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dc.contributor.authorBüntgen, Ulf
dc.contributor.authorEgli, Simon
dc.contributor.authorSchneider, Loic
dc.contributor.authorVon Arx, Georg
dc.contributor.authorRigling, Andreas
dc.contributor.authorCamarero Martínez, Jesús Julio
dc.contributor.authorSangüesa Barreda, Gabriel
dc.contributor.authorFischer, Christine
dc.contributor.authorOliach, Daniel
dc.contributor.authorBonet Lledos, José Antonio
dc.contributor.authorColinas, C. (Carlos)
dc.contributor.authorTegel, Willy
dc.contributor.authorRuiz Barbarin, José I.
dc.contributor.authorMartínez Peña, Fernando
dc.description.abstractThe Périgord black truffle is an exclusive culinary delicacy, but its Mediterranean harvests have declined, despite cultivation efforts since the 1970s. The role of long-term irrigation, symbiotic fungus-host interaction, and microbial belowground progression remain poorly understood, because generally too short experimental settings miss the necessary degree of real world complexity and reliable information from truffle orchards is limited. Here, we conduct the first dendrochronological and wood anatomical assessment of 295 holm oaks, which have been growing under different irrigation intensities in the world's largest truffle orchard in Spain. The relationships between different climatic variables (monthly temperature means and precipitation totals) and dendro-parameters (ring width, vessel count and vessel size) of the oak hosts are utilized to disentangle direct and indirect drivers of truffle fruit body production. Irrigation at medium - instead of high - intensity is most beneficial for oak growth. Non-irrigated trees reveal overall lower stem increments. Warmer temperatures from February to April and wetter conditions from May to July enhance host vitality and possibly also its interplay with fungi symbionts via increased fine root production and mycorrhizal colonization. Adequately irrigated Mediterranean orchards may counteract some of the drought-induced natural truffle decline, and help stabilizing rural tourism, regional agriculture and global markets.ca_ES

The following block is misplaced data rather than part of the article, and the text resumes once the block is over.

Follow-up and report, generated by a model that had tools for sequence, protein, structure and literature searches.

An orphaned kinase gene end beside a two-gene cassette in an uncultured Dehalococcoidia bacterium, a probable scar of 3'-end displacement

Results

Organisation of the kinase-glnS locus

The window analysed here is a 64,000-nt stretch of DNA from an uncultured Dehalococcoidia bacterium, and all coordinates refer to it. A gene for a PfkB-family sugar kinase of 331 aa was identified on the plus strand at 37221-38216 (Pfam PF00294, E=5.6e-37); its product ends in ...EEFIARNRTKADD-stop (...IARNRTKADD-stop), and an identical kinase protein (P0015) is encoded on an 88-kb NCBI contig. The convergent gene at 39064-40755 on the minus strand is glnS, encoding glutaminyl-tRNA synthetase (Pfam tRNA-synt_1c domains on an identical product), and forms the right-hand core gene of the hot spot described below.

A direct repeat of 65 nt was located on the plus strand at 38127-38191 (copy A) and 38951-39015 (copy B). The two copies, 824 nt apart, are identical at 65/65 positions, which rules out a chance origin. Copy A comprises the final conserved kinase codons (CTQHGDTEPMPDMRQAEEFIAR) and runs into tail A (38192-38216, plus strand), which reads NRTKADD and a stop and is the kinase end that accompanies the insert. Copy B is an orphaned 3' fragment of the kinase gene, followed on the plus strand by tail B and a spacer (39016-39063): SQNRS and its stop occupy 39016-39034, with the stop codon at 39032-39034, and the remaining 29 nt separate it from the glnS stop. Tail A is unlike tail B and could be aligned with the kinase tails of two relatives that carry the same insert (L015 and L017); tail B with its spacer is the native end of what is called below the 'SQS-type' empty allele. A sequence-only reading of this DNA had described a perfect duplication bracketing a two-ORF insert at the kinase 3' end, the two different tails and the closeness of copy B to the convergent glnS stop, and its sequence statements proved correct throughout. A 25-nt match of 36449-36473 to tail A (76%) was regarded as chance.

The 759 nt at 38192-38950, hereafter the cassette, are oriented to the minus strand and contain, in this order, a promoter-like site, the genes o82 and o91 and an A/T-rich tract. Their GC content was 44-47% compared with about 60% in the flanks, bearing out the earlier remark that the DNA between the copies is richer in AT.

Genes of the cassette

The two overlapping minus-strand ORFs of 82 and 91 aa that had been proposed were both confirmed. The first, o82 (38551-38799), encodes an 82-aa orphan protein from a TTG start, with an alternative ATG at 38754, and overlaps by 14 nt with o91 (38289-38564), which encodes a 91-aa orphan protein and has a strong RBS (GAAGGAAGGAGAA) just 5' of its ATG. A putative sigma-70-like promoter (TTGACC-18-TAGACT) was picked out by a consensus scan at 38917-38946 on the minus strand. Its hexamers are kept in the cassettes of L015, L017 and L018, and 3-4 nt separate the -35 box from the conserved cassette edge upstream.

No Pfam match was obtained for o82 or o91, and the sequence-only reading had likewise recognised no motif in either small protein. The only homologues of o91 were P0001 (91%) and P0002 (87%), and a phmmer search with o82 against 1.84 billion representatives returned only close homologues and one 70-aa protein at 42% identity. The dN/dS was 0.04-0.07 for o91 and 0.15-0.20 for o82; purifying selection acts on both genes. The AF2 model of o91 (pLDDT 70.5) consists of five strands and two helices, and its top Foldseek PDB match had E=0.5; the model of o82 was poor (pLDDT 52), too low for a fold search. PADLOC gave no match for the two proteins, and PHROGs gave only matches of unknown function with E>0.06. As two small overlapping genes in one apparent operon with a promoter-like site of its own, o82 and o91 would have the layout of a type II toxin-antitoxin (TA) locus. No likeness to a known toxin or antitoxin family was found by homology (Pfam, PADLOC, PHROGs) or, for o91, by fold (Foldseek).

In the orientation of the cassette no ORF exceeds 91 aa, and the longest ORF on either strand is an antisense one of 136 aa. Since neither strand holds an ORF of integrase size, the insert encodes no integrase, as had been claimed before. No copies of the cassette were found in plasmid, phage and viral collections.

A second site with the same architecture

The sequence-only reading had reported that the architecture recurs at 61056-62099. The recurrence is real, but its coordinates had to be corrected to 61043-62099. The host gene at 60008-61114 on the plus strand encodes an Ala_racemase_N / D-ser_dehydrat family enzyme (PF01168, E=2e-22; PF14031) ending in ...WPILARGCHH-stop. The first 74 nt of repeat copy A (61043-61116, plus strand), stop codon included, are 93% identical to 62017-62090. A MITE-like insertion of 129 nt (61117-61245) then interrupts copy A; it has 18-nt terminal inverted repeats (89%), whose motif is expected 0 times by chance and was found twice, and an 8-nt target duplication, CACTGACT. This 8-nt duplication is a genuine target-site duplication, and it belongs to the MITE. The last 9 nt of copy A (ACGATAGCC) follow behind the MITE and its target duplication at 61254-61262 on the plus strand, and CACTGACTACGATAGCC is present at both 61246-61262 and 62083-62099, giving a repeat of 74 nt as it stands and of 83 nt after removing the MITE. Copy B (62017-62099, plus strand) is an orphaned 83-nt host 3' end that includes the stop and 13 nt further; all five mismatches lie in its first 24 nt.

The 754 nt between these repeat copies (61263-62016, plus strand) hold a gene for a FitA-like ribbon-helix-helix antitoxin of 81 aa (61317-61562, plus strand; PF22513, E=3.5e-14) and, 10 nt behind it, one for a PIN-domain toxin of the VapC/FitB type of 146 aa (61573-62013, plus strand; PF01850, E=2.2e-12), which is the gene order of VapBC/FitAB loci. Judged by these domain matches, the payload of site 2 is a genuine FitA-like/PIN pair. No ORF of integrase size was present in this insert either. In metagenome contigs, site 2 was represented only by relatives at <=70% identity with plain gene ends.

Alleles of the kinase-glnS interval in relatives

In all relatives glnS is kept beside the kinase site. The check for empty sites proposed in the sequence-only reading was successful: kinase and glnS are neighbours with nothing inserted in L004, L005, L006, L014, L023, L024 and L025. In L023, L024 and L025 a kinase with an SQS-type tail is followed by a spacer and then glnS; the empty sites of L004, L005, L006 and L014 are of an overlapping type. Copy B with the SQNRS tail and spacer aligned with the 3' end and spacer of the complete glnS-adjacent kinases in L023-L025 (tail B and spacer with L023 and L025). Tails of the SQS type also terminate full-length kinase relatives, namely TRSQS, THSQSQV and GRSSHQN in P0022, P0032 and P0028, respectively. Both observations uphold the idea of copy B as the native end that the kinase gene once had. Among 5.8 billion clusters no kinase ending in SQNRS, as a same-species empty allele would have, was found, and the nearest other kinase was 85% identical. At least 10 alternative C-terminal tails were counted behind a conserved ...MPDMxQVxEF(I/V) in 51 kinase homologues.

dc.description.sponsorshipSupported by the WSL-internal DITREC project, the Ernst Göhner Foundation, the ClimFun project of the Norwegian RC (No. 225043), the project AGL2012-40035-C03 (Government of Spain), the project Micosylva+ (Interreg IVB SUDOE SOE3/P2/E533), the Government of Castilla y León, ARAID, the project Xilva (CGL2011-26654, Economy and Competitiveness Ministry), as well as the Operational Program of Education for Competitiveness of Ministry of Education, Youth and Sports of the Czech Republic (No. CZ.1.07/2.3.00/20.0248).ca_ES
dc.relation.isformatofVersió postprint del document publicat a
dc.relation.ispartofAgriculture, Ecosystems and Environment, 2015, vol. 202, p. 148-159ca_ES
dc.rightscc-by-nc-nd (c) Elsevier, 2015ca_ES
dc.subjectFungus-host symbiosisca_ES
dc.subjectWood anatomyca_ES
dc.subjectTuber melanosporumca_ES
dc.titleLong-term irrigation effects on Spanish holm oak growth and its black truffle symbiontca_ES

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cc-by-nc-nd (c) Elsevier, 2015
Except where otherwise noted, this item's license is described as cc-by-nc-nd (c) Elsevier, 2015